# Current and wattage monitoring.

First let me start by saying I am new to Arduino's. I am a HAM Radio repairman my current project is a monitor for a linear amplifier. I want a arduino to display via LCD the current being drawn by said amp also the HF (10 Meter Band) output wattage. What would I need to get these signals to a arduino level.

Basically do a Google search for:- "high side current monitoring" to see all the options. Basically you have to monitor the current by measuring the volts drop across a small series resistor, then you have to remove the DC level to get it into the 0 to 5v range suitable for feeding into an Arduino.

73's de G8HBR

It depends exactly where you want to measure. If you can hook into the DC-filtered part of the amp then you can use a high-side current monitor or (simpler but less efficient) low-ohm sense resistor to monitor the current. If you're trying to get current measurements right at the amplifier output you're going to have more trouble due to the bandwidth requirements.

For the output wattage, probably easiest is to measure peak voltage and assume a known antenna impedance, then derive output wattage from that. An averaging peak detector circuit would be a good start.

It all depends upon the exact circuitry of course. In all cases you want to reduce any voltage measurements you are making to 5V or less.

Does any one have any circuits for the current sense. I can hook into the DC supply. This system doesnt need to be extremely accurate so the low ohm method will do I do not understand this works with the arduino.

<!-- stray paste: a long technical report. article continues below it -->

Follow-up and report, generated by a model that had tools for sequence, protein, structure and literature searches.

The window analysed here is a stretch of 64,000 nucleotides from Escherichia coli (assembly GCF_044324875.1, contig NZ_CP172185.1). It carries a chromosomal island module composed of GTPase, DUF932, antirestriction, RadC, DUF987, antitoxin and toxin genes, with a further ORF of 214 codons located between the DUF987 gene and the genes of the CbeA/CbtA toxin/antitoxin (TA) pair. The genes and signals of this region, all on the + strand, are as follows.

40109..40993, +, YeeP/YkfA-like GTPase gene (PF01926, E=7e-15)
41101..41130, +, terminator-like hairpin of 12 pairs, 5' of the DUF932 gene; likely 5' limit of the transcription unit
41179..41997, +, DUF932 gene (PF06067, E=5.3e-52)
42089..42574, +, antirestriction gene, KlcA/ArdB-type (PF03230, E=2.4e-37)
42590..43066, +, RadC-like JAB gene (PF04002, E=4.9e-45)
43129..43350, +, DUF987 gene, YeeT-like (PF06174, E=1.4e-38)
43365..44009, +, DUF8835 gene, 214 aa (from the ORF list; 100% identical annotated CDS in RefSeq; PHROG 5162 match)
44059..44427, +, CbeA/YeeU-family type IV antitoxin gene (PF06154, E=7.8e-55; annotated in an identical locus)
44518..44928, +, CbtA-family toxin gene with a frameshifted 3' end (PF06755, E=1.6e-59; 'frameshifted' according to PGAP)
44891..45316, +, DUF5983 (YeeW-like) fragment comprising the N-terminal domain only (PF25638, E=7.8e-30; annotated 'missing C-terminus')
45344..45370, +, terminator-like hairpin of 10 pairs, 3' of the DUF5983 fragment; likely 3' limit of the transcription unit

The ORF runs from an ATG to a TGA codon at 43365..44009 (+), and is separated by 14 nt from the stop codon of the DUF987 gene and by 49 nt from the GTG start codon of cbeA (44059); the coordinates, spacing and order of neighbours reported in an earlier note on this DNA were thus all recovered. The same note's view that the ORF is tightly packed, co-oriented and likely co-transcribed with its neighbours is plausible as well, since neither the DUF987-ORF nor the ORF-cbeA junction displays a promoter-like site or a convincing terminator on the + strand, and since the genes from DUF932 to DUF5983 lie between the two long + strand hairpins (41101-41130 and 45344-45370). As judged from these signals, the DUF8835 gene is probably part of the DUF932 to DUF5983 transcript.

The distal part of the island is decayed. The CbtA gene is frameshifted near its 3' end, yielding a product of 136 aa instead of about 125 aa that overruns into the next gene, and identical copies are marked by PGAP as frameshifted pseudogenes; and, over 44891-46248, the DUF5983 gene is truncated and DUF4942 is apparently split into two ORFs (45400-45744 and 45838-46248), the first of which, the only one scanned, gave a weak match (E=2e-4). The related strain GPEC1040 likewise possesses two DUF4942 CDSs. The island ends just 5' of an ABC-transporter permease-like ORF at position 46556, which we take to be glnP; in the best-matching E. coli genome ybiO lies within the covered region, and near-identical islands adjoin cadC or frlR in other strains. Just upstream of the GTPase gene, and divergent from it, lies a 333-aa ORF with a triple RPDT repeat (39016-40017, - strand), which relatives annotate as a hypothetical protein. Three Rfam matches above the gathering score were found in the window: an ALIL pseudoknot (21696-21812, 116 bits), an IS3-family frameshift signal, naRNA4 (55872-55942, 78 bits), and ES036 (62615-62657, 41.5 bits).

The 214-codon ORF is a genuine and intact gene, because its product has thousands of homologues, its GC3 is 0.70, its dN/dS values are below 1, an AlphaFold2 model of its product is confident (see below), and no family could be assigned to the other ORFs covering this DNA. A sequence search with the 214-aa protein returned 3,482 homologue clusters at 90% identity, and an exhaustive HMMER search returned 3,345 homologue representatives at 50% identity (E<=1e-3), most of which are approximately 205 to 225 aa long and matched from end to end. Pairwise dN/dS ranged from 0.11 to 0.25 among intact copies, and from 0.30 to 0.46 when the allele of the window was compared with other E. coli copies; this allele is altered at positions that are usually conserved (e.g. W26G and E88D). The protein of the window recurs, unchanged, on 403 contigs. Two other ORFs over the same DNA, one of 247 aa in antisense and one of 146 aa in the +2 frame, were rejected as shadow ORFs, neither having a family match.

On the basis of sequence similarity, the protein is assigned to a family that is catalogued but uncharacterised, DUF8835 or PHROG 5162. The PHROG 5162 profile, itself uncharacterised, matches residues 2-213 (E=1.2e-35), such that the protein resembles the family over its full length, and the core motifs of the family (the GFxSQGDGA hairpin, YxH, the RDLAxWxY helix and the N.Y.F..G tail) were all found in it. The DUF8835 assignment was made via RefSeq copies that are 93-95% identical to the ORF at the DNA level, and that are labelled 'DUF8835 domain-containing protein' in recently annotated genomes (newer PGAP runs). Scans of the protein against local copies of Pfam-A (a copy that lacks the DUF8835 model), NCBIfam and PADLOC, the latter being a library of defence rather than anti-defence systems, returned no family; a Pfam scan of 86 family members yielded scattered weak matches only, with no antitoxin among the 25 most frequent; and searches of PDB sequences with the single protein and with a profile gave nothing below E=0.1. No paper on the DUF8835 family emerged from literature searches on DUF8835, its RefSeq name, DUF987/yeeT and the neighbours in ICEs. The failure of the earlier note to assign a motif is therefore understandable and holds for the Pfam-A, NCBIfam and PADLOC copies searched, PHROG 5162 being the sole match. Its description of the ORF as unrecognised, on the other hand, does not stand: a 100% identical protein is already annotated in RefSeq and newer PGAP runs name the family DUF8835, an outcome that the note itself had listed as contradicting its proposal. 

What kind of voltages and currents are the DC supply going to be providing?

The supply is 13.8V DC and The linear Amp should draw somewhere between 15-25 amps the supply is rated to 85 amps

Now that's a power supply! :) At those currents a sense resistor is going to be a huge waste of power. I'd suggest a Hall effect current sensor, like the Allegro ACS712ELCTR-30A-T. Here's an example circuit that will provide an analog output voltage proportional to the current (66mV/A so 10A of current will provide a 0.66V output). This analog voltage can then be read by the Arduino board A/D input as a number, printed to the screen, etc.

Thank you soo much for your time.

Sparkfun (sparkfun.com) sells a sensor for about \$20 that I think will handle your needs: it has an extremely-low resistance precision shunt, and an op-amp that scales voltage and current (up to about 50V and 80A, iirc) to ranges suitable to Arduino A/D.

Ran